The term “virtual feel” denotes a type of capaciflector (an advanced capacitive proximity sensor) and a methodology for designing and using a sensor of this type to guide a robot in manipulating a tool (e.g., a wrench socket) into alignment with a mating fastener (e.g., a bolt head) or other electrically conductive object. Unlike robotic vision, capacitive proximity sensing does not require a clear line of sight to the mating fastener. On the contrary, capacitive proximity sensing affords the greatest position-measuring sensitivity in the situation in which it is most needed — when the tool is so close to the fastener as to prevent viewing.
Capaciflectors, other capacitive proximity sensors, and related developments have been described in numerous previous NASA Tech Briefs articles. Of those articles, the one most relevant to the present innovation was “Guiding Robots With The Help of Capaciflectors” (GSC- 13614), NASA Tech Briefs, Vol. 21, No. 3 (March 1997), page 44. Like other capacitive proximity sensors, a capaciflector includes at least one sensing electrode, excited with an alternating voltage, that puts out a signal indicative of the capacitance between that electrode and a proximal object.
As described in the cited previous article, a robotic manipulator would be tipped with a tool instrumented with a capaciflector that would include an array of sensing electrodes that would be somewhat complex because it would be designed to enable three-dimensional proximity sensing. The outputs of the sensing electrodes would be converted to DC, digitized, then fed to a digital processor. In the processor, the variation of sensed capacitances with relative position and orientation of the capaciflector and a sensed object would be used to generate data equivalent to a fictitious force field that could be a source of signals to control the motion of the robotic manipulator in the vicinity of the object. Thus, collisions could be avoided and the manipulator could be guided into proximity and alignment with the intended object without making premature contact with the object. The initial approach would typically involve a raster scan of the manipulator while capaciflector outputs were processed to determine positions of closest approach in scan planes that were progressively brought closer to the object, without bringing them so close as to risk collision. This scan would yield data on the approximate position and orientation of the object relative to the manipulator. Following the scan, the capaciflector outputs would be processed and used for guidance as the manipulator was dithered into soft contact with the object.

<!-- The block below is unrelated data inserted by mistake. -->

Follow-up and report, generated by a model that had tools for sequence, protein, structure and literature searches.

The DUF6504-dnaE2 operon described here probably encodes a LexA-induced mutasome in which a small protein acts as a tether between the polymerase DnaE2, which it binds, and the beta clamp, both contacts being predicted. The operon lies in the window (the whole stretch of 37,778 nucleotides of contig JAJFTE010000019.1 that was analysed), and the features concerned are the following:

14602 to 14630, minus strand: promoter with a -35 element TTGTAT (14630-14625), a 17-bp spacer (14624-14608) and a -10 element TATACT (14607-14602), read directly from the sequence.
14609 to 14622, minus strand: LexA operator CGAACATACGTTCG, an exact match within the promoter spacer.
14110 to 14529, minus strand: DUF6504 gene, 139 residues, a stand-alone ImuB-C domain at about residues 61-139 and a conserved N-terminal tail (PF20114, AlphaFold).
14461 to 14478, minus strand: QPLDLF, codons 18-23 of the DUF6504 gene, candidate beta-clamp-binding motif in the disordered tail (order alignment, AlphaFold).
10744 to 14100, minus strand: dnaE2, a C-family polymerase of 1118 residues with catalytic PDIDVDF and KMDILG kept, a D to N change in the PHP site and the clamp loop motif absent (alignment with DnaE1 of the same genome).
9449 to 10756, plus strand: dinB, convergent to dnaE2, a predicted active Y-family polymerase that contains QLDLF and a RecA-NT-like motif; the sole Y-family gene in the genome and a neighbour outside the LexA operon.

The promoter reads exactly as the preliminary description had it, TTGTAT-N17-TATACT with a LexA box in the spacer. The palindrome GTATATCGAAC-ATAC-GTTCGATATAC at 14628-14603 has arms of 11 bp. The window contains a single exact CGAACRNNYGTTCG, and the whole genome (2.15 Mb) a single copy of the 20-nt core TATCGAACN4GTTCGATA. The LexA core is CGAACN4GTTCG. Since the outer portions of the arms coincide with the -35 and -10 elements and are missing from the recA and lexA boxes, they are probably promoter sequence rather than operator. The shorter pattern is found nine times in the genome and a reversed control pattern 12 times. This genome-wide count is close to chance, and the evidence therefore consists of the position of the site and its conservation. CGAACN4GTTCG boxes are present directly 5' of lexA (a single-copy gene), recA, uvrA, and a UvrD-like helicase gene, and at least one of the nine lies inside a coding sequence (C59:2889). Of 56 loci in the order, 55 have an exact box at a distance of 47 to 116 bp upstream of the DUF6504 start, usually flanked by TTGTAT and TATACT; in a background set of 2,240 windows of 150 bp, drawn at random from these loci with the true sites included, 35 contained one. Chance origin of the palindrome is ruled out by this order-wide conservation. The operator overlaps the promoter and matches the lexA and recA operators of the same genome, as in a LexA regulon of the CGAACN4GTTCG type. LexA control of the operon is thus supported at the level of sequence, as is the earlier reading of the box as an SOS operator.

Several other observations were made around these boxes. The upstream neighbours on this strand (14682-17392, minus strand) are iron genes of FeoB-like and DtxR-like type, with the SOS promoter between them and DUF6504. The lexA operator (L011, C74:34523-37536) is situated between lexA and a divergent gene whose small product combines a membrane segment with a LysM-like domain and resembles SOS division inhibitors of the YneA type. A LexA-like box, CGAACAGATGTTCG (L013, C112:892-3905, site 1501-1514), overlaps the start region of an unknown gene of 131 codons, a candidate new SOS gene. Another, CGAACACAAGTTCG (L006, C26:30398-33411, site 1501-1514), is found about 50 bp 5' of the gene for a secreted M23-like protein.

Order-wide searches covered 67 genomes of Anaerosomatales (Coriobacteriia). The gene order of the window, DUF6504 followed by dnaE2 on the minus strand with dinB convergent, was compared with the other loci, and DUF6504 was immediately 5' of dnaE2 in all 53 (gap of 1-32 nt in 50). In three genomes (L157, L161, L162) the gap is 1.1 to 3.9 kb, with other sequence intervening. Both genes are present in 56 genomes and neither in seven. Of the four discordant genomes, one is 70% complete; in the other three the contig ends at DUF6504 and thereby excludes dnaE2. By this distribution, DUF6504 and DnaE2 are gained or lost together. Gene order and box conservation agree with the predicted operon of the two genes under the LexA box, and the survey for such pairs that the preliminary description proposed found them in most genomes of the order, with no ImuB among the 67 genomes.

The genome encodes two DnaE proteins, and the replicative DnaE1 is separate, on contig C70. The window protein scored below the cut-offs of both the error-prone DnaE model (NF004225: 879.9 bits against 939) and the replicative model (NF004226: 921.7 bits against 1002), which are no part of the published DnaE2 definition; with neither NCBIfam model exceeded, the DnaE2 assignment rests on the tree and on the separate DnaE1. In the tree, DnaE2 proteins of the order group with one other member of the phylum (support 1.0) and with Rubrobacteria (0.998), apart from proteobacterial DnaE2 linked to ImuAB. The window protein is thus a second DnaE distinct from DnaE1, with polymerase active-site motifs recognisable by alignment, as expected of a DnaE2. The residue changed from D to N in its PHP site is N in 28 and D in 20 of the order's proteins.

The “virtual feel” capaciflector methodology also involves digitization and processing of capacitance readings as functions of relative position and orientation to obtain data equivalent to a fictitious force field that, in this case, is regarded as providing a quasi-tactile sense of imminent contact. However, a “virtual feel” capaciflector would be electronically and mechanically simpler because it would typically include only two electrodes: a sensing electrode and a shielding electrode. Moreover, the tool could serve as the sensing electrode. For example, if the tool were a wrench socket to be mated with a bolt head, then the wrench socket would be the sensing electrode (see figure). The sides of the wrench socket would be covered with a layer of electrically insulating material that would, in turn, be covered by a metallic outer shell that would serve as the shielding electrode. The capaciflector output would indicate the capacitance between the wrench socket and the bolt head.
The algorithm processing the digitized capaciflector readings would exploit the fact that for any fixed position of the wrench socket along the central axis of the bolt head, the capacitance would reach a minimum when the axis of the wrench socket coincided with the axis of the bolt head and the wrench socket was clocked (rotated about its axis) to the angular position for mating with the bolt head: any lateral (horizontal in the figure) translation or any rotation of the wrench socket away from the central position and the mating orientation would cause an increase in capacitance. Hence, for a given fixed position along the center line of the bolt, the information needed to correct any deviation of the wrench socket from the central position and the mating orientation could be obtained by taking capacitance measurements during a sequence of controlled dithers of the position and orientation along and about the various coordinate axes. This is analogous to the feel a skilled craftsman instinctively uses, except it is non-contact, hence, “virtual feel.”
This work was done by John M. Vranish of Goddard Space Flight Center. For further information, access the Technical Support Package (TSP) free on-line at www. techbriefs.com/tsp under the Electronics/ Computers category. GSC-14955-1